Carrie: Ronie, you are both an “Army brat” and the wife of an Army veteran. Besides the themes, how have these distinctions shaped your writing?
Ronie: Since I grew up around the military and married a veteran, I am positively impacted by these experiences. They have helped instill in me a deep respect for our military heroes and their families. Not only that, but it’s shown me a the toll, how much being a hero impacts these individuals. And that formed a conviction that I could not simply write about the heroes and “glorify” what they do, but I had to show how much it costs them, in time away from their families and in psychological impact.
Carrie: What was the best part about growing up in a military family? What was the most difficult?
Ronie: I would probably say the best parts were belonging to a tight-knit community and the ability to travel—I lived in Germany! The most difficult? Ironically, the travel was also the most difficult because we moved at least every three years, and that negatively impacted not only my academic progress as a child, but also my ability to make and maintain friendships. I envy people who’ve had the same best friend since childhood. I have no idea where my friends from my younger days are now.
Carrie: Your husband is your “real-life hero”. Tell us what makes him a hero in your eyes.
Ronie: Brian is truly the best man I’ve ever known. He has a red/white/blue heart and he bleeds patriotism. He’s also incredibly intelligent (he earned a 4.0 for his bachelor’s degree), very loyal, and he makes me laugh. When I am discouraged or my heart is sagging and I want to give up, it’s Brian who inspires me to keep going. He’s a great husband, father, and friend. One of his former employers called him “honest to a fault,” but that was only because Brian wasn’t willing to compromise his integrity to sell more product.
Carrie: Ok. Be honest now. Between your novels and your husband’s military service, would I need a military lingo dictionary if I were to drop in for a visit? In other words, do your kids say things like “I’ve gotta hit the head” at zero dark thirty?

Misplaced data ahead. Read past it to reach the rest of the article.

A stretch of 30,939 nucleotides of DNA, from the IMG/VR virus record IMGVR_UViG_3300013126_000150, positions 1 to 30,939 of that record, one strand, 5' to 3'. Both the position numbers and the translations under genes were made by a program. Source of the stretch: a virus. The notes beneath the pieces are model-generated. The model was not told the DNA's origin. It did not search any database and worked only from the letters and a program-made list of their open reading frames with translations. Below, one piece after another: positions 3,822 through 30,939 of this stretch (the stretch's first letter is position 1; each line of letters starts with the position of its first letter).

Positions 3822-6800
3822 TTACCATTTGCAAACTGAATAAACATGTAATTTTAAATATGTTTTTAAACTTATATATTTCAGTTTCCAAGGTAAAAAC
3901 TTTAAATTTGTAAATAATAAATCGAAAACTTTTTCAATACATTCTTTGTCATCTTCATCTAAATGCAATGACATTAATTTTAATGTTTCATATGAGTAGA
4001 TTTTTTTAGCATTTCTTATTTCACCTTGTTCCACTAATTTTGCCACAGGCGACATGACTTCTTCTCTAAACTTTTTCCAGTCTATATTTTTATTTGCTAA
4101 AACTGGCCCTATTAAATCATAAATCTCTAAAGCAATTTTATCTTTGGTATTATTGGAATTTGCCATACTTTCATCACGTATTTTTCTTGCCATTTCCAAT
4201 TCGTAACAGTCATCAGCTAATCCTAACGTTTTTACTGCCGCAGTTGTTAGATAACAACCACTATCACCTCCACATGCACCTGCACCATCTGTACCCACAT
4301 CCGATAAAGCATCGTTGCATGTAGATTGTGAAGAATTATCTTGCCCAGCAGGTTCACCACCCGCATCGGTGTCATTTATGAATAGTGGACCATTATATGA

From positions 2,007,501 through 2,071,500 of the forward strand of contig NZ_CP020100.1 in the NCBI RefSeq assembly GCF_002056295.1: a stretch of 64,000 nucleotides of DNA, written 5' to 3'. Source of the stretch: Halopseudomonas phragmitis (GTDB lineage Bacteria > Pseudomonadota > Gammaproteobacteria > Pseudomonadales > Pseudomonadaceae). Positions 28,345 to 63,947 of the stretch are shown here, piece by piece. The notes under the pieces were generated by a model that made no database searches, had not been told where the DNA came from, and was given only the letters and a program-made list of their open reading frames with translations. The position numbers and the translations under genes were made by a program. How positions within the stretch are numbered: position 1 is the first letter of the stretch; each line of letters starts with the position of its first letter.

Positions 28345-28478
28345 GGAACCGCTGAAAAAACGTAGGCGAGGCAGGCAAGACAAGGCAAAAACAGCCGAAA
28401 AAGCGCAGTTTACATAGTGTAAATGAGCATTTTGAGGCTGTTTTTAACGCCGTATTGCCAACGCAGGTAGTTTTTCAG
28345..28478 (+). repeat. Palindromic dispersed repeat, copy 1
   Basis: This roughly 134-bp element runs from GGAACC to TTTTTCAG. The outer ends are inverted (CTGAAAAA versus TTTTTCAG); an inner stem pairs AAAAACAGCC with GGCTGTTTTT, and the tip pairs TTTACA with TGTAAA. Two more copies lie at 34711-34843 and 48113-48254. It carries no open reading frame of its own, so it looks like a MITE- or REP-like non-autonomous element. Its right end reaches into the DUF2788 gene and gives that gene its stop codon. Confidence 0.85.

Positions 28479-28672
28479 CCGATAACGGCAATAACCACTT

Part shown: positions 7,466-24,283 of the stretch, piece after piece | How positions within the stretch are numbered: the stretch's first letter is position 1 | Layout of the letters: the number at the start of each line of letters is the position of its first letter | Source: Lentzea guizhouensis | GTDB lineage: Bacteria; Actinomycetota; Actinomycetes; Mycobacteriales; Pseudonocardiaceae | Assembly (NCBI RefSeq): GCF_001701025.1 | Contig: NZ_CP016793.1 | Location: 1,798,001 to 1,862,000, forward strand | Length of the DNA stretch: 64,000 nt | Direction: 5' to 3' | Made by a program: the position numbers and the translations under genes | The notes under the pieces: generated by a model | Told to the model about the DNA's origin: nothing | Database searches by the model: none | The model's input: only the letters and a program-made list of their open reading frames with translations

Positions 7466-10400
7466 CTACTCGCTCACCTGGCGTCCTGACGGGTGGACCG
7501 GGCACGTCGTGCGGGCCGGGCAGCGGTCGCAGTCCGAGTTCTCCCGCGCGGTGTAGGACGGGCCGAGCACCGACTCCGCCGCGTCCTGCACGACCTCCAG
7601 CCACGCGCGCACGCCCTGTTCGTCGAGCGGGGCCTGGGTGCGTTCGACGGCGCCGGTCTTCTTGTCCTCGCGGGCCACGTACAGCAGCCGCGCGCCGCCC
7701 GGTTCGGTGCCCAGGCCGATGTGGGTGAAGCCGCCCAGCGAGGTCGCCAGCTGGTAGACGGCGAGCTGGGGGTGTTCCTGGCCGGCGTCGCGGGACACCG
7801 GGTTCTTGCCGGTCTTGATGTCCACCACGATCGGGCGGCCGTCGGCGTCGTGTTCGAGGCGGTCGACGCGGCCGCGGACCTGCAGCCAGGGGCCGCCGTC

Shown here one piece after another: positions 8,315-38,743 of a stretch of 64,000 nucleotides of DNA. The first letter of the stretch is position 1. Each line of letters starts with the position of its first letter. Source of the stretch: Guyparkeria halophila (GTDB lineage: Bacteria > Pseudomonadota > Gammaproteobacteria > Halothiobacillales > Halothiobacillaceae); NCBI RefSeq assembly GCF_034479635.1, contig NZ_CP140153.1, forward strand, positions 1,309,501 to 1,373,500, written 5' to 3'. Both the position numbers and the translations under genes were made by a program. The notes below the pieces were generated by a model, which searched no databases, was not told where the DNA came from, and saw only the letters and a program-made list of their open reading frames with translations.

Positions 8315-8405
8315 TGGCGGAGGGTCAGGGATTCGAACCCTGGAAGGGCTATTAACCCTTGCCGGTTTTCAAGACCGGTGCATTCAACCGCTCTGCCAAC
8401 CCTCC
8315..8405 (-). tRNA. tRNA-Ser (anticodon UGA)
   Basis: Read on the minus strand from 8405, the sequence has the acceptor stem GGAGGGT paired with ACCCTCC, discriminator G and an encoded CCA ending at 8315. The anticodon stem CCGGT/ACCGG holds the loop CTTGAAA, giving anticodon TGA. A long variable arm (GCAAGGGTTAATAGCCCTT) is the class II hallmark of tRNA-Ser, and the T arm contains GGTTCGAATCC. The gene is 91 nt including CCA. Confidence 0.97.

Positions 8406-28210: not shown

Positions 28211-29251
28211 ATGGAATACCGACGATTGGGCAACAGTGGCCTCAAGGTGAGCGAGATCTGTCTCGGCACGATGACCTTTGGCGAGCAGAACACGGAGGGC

Ronie: Haha! Too funny. Ya know what? There are days *I* need a dictionary to survive here. Though we have four children, our girls have flown the proverbial coop. Now, I’m left with my husband, 16 year old twin sons, and two male dogs. My twins are totally into gaming and all things military. One of the twins wants to be a Navy SEAL sniper, and he reads biographies of former Navy SEALs…and knows weapons. He can look at a picture and rattle off the name of the gun/rifle. Some days, I’m totally lost when the twins and my husband get to talking about games, weapons, or even military history.
Carrie: Your military novels reflect your heart for both active-duty military and the “discarded heroes” – those who aren’t getting the recognition/respect, or even the care, they deserve and need. What is something that the average citizen can do to help these discarded heroes? Or IS there anything we can do?
Ronie: Absolutely—there’s always something we can do. It can start with or be as simple as thanking our veterans when we see them. There’s a barista at the mall who has “Air Force Veteran” on her apron, and I thank her for serving every time I see her. Also, don’t be afraid to let them talk, if they are willing. It’s not a comfy chat (because we often feel powerless to help or understand), but opening that dialogue may be a release valve for them. That’s my intent with my fiction—to open dialogue. There are so many other ways to honor our veterans these days—through reputable charities who give back, organizations that offer different types of therapy (equine, canine, etc.) that need monetary help or volunteer help. There’s a fantastic organization that allows you to donate a cup of coffee for those who are deployed. I’ve done that a lot. And Books-A-Million is doing a drive where you can buy a book to send to veterans. So many ways to thank and honor our veterans exist today. There’s really no excuse for not helping in some way.